The FIDADOC is not just a venue for screening documentaries, it is also a catalyst for Moroccan documentary film production, called “La Ruche documentaire” (the Documentary Beehive). According to Lucas Rosant, the author of an EU report, Morocco lags behind other Arab countries in co-productions of documentaries. But what’s particularly interesting about the Moroccan example is that filmmakers here don’t feel constrained to specialize in fiction or documentary. They can move fluidly from one to the other, as Nabil Ayouch (Ali Zaoui and Promised Land) and Leïla Kilani (Our Forbidden Places and On the Edge) have both adroitly done, or as the French director, Barbet Schroeder, has done over his long career. When a fiction film can take years to finish, it makes sense for directors to try their hand at documentary. Since October 2012 documentaries are able to compete with fiction films for the Moroccan government subsidies, Avances sur recettes. Sarim Fassi-Fihri, the new head of the Centre Cinématographique Marocain, who was present for a closing panel on Saturday morning, noted that he would be content with two good documentaries a year.
For Reda Benjelloun, the “Ruche documentaire” is already producing its honey. During the week of the festival the young authors of twelve selected film projects conferred with experts on their projects in development. The role of the Moroccan TV channel 2M that hosts Benjelloun’s popular documentary film program (entitled “Des Histoires et des hommes”) is crucial. In the Maghreb and the Mashrek, where illiteracy remains high, the impact of television is enormous. In watching I the documentary, I am the People, I was startled when an Egyptian villager confides to us that television is synonymous with joy! In the past when someone died, he added “the television would be turned off for a year,” as a sign of mourning and respect.
For Benjelloun “documentaries offer a litmus test for a country’s health.” In the Moroccan audiovisual landscape, where the public remains very attached to highly formatted foreign soap operas, it would be hard to overestimate the importance of his television program that airs on Sunday evenings: “Des Histoires et des hommes” offers its audience a window onto the world. Films like Deborah Perkins’ documentary on single mothers in Morocco (Bastards) that was shown there last year are slowly helping to transform Moroccan society. In this context, it is worth acknowledging that King Mohamed VI has just changed the law, making abortion, in certain instances legal. In a country where hundreds of clandestine abortions continue to be practiced every day, this is clearly a major advance.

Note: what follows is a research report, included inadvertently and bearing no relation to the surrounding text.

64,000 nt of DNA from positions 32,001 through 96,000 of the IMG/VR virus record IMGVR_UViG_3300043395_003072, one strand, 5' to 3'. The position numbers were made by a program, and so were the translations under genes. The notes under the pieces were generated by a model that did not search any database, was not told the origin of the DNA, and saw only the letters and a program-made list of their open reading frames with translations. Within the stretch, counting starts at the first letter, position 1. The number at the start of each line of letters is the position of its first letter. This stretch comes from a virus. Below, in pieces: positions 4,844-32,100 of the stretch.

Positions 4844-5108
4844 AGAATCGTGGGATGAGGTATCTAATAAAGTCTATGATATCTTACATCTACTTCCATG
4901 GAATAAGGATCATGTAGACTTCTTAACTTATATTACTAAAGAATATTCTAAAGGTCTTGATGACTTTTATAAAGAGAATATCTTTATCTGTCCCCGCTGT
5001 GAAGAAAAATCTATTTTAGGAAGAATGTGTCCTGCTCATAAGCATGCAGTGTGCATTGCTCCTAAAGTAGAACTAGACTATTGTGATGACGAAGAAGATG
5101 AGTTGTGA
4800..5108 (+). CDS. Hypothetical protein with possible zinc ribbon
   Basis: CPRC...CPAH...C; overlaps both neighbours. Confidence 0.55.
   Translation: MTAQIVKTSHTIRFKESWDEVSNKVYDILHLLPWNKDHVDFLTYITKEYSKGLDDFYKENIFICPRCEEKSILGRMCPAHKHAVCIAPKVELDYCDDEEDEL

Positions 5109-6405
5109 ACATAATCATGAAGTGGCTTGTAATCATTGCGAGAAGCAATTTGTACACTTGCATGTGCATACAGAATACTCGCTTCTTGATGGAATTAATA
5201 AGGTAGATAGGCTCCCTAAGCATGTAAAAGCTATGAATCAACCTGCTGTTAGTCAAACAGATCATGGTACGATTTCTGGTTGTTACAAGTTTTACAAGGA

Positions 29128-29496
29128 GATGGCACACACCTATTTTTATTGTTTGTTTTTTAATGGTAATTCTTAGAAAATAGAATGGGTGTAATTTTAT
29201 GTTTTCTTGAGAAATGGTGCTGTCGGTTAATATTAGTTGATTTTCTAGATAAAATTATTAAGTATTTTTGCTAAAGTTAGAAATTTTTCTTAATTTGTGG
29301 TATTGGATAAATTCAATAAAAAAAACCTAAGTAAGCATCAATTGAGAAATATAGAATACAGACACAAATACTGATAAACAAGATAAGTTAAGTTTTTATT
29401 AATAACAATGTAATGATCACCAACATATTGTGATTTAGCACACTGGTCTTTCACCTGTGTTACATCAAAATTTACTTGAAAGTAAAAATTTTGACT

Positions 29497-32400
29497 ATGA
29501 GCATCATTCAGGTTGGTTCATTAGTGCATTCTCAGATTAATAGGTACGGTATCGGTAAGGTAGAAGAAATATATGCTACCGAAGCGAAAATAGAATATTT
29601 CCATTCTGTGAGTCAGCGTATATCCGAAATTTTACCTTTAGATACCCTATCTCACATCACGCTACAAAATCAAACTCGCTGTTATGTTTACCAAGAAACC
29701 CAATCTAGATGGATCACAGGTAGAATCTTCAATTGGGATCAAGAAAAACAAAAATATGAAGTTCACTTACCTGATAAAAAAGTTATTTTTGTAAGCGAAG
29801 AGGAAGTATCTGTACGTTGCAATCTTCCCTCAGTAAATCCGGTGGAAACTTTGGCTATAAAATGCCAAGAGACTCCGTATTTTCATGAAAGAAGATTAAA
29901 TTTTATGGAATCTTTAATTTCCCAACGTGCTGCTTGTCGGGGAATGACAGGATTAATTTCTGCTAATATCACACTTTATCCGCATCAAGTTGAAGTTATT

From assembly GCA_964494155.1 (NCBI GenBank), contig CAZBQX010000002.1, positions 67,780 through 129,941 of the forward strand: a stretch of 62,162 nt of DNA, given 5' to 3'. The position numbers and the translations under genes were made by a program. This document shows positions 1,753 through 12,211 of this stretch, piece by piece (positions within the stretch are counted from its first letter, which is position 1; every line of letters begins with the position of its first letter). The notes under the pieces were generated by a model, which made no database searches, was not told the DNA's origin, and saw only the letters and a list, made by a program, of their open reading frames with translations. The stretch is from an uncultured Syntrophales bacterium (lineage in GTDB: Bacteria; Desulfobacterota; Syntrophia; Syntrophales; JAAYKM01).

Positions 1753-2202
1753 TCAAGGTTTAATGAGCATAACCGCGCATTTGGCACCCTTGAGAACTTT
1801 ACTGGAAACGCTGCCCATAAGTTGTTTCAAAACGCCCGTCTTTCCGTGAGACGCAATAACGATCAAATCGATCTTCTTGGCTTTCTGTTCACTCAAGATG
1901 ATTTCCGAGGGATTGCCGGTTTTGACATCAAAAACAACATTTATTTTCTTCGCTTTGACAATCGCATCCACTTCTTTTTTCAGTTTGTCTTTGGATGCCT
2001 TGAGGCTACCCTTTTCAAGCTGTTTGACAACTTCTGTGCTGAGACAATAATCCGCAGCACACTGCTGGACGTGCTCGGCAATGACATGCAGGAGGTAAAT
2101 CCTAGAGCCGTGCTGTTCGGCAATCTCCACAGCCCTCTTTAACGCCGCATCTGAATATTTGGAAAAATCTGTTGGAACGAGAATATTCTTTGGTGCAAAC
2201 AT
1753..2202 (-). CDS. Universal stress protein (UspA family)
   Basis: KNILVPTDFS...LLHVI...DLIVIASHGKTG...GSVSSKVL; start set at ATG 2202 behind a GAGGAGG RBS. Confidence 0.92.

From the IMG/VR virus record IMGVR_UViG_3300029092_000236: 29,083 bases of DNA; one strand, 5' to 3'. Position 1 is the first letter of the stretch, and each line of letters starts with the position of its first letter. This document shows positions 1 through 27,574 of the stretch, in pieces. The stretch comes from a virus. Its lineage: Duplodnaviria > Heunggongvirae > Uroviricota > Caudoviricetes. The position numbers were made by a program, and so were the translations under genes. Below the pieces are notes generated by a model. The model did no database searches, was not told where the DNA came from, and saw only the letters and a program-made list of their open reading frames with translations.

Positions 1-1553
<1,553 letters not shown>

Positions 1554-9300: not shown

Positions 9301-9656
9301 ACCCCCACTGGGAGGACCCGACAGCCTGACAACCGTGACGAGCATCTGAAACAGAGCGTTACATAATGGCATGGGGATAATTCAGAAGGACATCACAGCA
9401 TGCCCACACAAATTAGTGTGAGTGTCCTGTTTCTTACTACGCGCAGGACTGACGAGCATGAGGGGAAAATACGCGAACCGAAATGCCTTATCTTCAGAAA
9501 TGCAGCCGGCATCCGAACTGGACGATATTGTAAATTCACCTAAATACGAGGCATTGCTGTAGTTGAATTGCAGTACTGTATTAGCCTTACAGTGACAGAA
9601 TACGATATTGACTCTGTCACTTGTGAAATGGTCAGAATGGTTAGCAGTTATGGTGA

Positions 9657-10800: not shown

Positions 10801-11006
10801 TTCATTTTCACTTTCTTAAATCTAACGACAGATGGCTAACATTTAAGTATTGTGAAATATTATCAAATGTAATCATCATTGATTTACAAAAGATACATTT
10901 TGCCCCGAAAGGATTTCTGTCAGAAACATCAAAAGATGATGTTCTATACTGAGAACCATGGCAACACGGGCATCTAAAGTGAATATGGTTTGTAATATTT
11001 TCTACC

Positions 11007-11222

Similarly, Raja Saddiki’s documentary Aji-bi,Femmes de l’horloge, co-produced by the Moroccan television channel 2M and Nabil Ayouch’s production company Ali n’ Productions, will contribute to increased understanding of the plight of Subsaharan Africans in Morocco. Many of them come here as a temporary holding place hoping to settle in Europe. Denouncing the quotidian racism they confront, her documentary highlights a new kind of immigration where young women abandon family and children back home to find work in Morocco. Saddiki focuses on a group of Senegalese women working as unofficial hairdressers in a certain neighborhood in Casablanca, near the large clock in the old medina. One of them remarks that Moroccans who address them as Africans often seem to think of themselves as Europeans! In her q and a with the public Rajja told us that she became intrigued with this group of immigrants whom she saw everyday while walking to work. On a more positive note, the film points to Morocco’s increasingly more understanding attitude towards these residents, many of whom have now been given papers by the government.
I am the People
One remarkable film this year was the aforementioned Egyptian entry I am the People. Its filmmaker, Anna Roussillon, Lebanese by nationality grew up in Egypt, and today teaches Arabic in Lyon, France. Roussillon offers a portrait of Egypt in the aftermath of the Arab Spring. Interestingly, she chose to film not in Cairo but in the countryside near Luxor, a region that has suffered greatly in recent years with the precipitous decline in tourism. Her Everyman, Farraj Jalal, observes that despite the 2011 revolution that ended the thirty-year presidency of Hosni Mubarak, nothing has changed for the Egyptian people.
Roussillon began filming in the summer of 2011. She captures the incredible wave of enthusiasm that took hold of the country during the 2012 election, where for the first time women too were allowed to vote. With Mohamed Morsi whose campaign slogan was “Vote for Morsi and you’ll go to Paradise,” Egyptians were governed for the first time by a civil, non-military person. Farraj confides: “For the first time I feel that my vote carries weight.” To which Morsi in the televisual reverse shot replies: “You are the source of power and legitimacy.” But one year later, in refusing anticipated elections to his people many of whom could not even afford a bottle of gas, Mohamed Morsi offers the filmmaker an incredible morality tale, as well as narrative arc for her documentary. It’s worth nothing that Roussillon did not know her subjects before beginning her film. Over the course of her three-year shoot however a friendship clearly developed between them, so much so that Farraj encourages her to be buried in Egypt so that they may remain close.